The Dee Snider SF Pride Incident

So here’s the story of the Dee Snider SF Pride incident. 
One night at a party Suzanne Ford, the Executive Director of SF Pride, and I were talking about what the message for Pride should be this year. With the relentless march of anti-transgender legislation and transphobia in the rise, how would Pride respond? As we kicked around ideas, Suzanne was very adamant the slogan should be “NO!”  Simply NO! It needed to be short and powerful and very clear. 
She took that idea to her PR team and together they came up with an brilliant concept: “No! We’re Not Gonna Take It!”, the Twisted Sister anthem would be an amazing rallying cry. Dee Snider is a famous liberal rock star, a champion of freedom and individuality, and is on record as an ally for LGBTQIA rights. He’d even told Trump not to use the song. Was it possible to get Dee to sign on to this? If so, it would generate a ton of free publicity to carry the message of fighting transphobia and anti-LGBTQIA hate. He could be our own Kid Rock! 
Suzanne called Snider’s people and Snider loved the idea. He wanted to perform the song on the Main Stage at Pride—which is a big deal to have a cis heterosexual perform at the nation’s premier Pride event. A very big honor, really. 
I was given a chance to design the t-shirts for the campaign. My first design, made with the assistance of AI, was too colorful and expensive to print. So we went with a very graphic two color design. Eventually the final design was a mix of mine and someone else’s (art direction by committee 🙄). 
Everything was set to announce. A press conference would be held, CNN would be there, the Rolling Stone, it was gonna be great. 
Then, just two days before the announcement, Dee tweeted about his opposition to gender affirming health care for trans children. 💔🙄🤬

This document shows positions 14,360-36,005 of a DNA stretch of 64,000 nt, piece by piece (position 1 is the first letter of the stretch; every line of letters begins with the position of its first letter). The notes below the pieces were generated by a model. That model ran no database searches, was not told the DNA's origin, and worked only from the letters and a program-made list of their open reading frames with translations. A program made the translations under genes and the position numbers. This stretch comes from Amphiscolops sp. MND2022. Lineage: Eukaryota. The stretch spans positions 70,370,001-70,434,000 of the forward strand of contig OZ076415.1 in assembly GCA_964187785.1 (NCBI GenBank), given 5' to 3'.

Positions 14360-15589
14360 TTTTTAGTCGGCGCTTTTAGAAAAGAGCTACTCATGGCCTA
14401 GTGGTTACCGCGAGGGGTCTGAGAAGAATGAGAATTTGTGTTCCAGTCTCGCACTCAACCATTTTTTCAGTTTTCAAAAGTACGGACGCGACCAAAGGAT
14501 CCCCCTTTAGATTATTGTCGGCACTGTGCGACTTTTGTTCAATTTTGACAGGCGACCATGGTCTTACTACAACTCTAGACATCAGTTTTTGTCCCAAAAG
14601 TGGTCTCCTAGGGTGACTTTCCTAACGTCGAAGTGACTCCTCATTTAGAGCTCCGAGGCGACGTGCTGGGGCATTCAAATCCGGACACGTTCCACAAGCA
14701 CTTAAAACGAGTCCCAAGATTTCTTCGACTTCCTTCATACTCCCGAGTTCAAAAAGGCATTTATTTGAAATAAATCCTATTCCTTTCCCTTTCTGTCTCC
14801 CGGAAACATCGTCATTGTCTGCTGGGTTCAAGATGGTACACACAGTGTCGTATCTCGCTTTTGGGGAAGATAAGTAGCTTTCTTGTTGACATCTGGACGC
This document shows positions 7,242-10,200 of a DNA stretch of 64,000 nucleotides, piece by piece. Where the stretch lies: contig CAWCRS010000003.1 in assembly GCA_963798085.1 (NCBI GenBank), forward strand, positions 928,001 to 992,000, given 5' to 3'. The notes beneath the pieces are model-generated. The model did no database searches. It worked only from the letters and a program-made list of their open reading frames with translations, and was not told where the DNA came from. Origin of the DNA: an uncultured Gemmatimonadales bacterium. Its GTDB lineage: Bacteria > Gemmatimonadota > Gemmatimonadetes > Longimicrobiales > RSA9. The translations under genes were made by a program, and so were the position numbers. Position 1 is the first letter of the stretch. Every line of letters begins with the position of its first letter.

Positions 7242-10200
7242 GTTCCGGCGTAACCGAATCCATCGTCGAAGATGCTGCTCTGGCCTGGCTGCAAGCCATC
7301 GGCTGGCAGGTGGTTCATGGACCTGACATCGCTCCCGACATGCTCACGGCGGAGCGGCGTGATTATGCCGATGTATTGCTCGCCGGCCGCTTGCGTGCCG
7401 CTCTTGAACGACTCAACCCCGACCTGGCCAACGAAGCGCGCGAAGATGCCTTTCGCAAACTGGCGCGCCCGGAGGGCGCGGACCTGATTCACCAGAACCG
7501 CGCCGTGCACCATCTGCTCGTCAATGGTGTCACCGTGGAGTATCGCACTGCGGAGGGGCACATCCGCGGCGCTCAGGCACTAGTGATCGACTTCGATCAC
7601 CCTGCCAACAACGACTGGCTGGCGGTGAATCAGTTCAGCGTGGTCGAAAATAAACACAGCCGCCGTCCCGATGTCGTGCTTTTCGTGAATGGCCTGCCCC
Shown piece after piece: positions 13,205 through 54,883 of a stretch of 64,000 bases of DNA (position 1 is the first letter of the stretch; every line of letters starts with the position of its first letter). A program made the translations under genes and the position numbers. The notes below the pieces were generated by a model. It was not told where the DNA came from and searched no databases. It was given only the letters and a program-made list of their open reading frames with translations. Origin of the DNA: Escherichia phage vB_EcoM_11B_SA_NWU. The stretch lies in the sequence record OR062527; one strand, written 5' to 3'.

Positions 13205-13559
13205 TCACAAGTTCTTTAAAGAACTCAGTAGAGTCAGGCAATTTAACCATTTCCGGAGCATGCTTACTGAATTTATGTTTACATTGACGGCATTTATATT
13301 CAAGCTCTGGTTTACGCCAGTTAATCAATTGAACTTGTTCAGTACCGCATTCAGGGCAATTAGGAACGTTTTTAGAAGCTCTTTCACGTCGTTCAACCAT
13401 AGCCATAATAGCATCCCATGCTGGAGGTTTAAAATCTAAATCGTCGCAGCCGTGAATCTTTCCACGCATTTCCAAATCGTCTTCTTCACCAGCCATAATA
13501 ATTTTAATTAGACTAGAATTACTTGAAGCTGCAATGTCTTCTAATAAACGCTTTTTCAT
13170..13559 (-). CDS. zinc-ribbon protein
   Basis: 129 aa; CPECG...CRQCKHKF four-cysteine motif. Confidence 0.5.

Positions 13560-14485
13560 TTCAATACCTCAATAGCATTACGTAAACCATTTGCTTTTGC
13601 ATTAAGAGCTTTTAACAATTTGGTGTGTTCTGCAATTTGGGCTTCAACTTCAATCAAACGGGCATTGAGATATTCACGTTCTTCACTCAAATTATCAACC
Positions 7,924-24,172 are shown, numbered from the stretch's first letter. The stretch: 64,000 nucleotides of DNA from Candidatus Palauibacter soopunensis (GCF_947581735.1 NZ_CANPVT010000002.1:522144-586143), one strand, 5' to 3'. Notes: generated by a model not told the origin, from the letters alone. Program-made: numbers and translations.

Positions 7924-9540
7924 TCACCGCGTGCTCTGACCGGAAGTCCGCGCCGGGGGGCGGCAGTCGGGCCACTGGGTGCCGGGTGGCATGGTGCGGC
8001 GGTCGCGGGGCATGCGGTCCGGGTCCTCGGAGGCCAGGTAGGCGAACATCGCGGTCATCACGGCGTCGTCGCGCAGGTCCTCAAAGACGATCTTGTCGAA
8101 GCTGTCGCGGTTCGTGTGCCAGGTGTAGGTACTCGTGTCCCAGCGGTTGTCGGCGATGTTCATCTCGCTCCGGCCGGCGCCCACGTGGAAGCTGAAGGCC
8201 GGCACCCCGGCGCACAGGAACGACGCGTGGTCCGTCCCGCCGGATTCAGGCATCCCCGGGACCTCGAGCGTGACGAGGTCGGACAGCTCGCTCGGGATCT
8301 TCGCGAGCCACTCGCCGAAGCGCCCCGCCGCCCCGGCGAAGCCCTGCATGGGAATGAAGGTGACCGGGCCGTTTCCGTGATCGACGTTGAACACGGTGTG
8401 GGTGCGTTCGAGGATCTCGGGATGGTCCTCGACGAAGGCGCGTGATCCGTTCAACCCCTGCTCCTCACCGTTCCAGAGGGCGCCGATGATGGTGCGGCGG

Now, this has been called transphobic, and for a lot of us it is. Dee claims this is just a “moderate” position. He supports trans people, he just doesn’t agree with this. And of course it’s being used to score points against the “intolerant left”. 
The thing is, this isn’t something to be negotiated. This is doctors following decade-long well-established medical protocols  to best care for trans children and the state has no business policing what children and their parents know best. The trans community stands up for our most vulnerable members. Forcing trans kids to go through the wrong puberty is cruel and dangerous. End of story. Allies who don’t understand that are not being allies.
Short of a complete retraction and apology there was no way Pride could go forward with the campaign. Even then…this is San Francisco, it wasn’t gonna fly. 

A long conversation was held between Dee and SF Pride, an educational discussion of the issue from a trans perspective. It seemed as if Dee got the message, but his public response was disappointing.
It’s a real shame. Video of a giant crowd of queer people screaming “We’re Not Gonna Take It!” would have been amazing to see. 

This isn’t a fight about semantics or who is transphobic and who is not. This is a fight for people’s lives and happiness.

This would have been amazing.
One of the graphic designs for the t-shirt.
My dream design, incorporating some drag energy, was made with Midjourney AI and finished in Adobe Illustrator.

Being seen and heard on Trans Day of Visibility 2017